With 100% of votes counted, Puerto Rico’s 2020 status vote has a clear outcome: statehood won.
623,053, or 52.34%, of registered voters said “yes” to statehood.
567,346, or 47.66%, voted “no.”
Puerto Rico Resident CommissionerJenniffer Gonzalez-Colon, the U.S. territory’s sole representative in Congress, issued this statement on the referendum:
“The clearest message from yesterday’s plebiscite vote in Puerto Rico was that a majority of Puerto Ricans — Americans by birth — want equality, a fully democratic form of government, and permanence within the United States that can be granted only through statehood.“The choice was clear. Voters rejected any other status proposal: they rejected the option to remain a possession of the U.S. — without votes in the government that makes our national laws and that makes our most important local laws; they rejected the option to remain an unincorporated territory — treated differently than a State, overall, worse; they rejected the option to become a purely independent nation, whether from the U.S. or in an association with the U.S. that either nation could end; and they rejected the ‘commonwealth status’ proposal that the Federal government has repeatedly said is impossible for constitutional and other reasons.“I am the highest individual vote-getter in the election by far but statehood got nearly 131,000 more votes than I did. Support for statehood far exceeds that for any party or individual.“That a majority of Puerto Ricans want equality within their nation is not new. Majorities specifically voted against territory status and for statehood in 2012 – with all of the possible options available in the plebiscite – and for statehood in 2017 with all of the possible options on the ballot. But boycotts raised questions about whether a majority of Puerto Ricans wanted statehood. Yesterday clearly answered that a majority does.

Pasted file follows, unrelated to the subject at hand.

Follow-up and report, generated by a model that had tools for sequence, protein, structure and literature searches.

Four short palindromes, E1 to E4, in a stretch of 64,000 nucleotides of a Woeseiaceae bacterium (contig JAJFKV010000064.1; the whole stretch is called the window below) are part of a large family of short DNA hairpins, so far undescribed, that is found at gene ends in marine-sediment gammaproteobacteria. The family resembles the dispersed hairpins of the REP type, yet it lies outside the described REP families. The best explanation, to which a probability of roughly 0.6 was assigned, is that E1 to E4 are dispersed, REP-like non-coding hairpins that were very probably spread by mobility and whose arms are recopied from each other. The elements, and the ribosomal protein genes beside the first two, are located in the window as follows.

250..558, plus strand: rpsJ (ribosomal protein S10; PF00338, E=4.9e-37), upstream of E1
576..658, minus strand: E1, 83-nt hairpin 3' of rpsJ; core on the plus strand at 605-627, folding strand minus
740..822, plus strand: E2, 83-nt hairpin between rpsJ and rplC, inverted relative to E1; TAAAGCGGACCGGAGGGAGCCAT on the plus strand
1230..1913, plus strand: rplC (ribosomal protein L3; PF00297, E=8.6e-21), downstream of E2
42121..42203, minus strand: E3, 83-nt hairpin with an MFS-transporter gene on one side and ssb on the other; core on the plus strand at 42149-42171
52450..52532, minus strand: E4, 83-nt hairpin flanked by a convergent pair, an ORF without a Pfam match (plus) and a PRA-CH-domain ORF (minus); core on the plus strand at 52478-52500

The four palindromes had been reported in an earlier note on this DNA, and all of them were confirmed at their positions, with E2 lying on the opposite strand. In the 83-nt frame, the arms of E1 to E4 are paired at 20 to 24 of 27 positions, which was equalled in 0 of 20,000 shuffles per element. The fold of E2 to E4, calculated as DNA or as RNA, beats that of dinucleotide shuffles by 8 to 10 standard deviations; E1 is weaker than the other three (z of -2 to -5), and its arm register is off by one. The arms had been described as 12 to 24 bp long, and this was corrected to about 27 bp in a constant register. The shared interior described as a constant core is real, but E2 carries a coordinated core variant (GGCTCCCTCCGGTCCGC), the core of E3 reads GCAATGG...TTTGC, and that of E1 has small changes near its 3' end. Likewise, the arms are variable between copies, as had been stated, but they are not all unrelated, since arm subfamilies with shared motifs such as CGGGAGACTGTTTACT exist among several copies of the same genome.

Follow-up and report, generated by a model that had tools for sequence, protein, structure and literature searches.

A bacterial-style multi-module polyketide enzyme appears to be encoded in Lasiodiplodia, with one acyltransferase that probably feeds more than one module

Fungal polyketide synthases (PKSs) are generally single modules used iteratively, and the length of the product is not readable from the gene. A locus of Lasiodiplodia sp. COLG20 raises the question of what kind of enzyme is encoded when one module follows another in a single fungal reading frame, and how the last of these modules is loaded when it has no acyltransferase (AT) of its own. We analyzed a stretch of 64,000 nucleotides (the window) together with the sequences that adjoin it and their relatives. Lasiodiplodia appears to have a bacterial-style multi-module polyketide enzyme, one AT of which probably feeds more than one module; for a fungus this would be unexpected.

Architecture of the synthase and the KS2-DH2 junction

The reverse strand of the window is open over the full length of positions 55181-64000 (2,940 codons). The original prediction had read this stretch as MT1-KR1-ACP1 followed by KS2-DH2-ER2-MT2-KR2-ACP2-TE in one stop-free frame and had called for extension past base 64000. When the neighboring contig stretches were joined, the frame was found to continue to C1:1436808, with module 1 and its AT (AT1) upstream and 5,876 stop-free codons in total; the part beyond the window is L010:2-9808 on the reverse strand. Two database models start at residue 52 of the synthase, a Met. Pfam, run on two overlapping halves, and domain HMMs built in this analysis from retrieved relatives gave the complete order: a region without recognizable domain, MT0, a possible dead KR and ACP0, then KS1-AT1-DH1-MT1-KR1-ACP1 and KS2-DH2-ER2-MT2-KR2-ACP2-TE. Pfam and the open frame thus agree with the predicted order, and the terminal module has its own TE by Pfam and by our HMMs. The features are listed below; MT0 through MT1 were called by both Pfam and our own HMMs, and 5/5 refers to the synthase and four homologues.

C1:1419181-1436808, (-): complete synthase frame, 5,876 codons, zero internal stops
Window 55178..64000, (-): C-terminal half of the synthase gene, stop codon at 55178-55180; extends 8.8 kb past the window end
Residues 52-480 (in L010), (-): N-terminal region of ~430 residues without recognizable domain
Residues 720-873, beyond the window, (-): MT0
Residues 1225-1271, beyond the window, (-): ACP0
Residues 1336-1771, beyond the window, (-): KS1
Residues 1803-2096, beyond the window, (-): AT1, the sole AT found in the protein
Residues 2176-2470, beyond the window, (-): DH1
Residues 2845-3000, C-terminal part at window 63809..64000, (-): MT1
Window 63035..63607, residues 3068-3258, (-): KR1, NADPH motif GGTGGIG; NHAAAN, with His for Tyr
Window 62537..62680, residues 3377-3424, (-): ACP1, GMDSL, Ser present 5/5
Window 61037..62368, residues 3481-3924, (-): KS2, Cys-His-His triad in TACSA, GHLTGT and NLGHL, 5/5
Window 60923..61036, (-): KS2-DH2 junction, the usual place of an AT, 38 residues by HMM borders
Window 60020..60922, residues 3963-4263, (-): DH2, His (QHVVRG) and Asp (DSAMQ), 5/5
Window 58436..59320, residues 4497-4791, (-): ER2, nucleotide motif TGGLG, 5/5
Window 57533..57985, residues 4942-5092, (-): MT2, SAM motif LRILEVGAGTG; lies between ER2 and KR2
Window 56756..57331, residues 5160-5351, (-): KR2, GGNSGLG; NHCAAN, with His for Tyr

Next steps for statehood
Congress has the power to admit Puerto Rico as a state at any time by a simple majority vote. Over the years, Congress has often said that Puerto Rico is unsure about statehood, or that there must be a process of self-determination to be sure of the will of the people of Puerto Rico.
The 2020 plebiscite, which resulted in a choice for statehood like the other two plebiscites which have taken place in the 21st century, was an exercise of self-determination that confirms a local choice for statehood.
Click here to see the official results of the 2017 plebiscite.
Click here to see the official results of the 2012 plebiscite.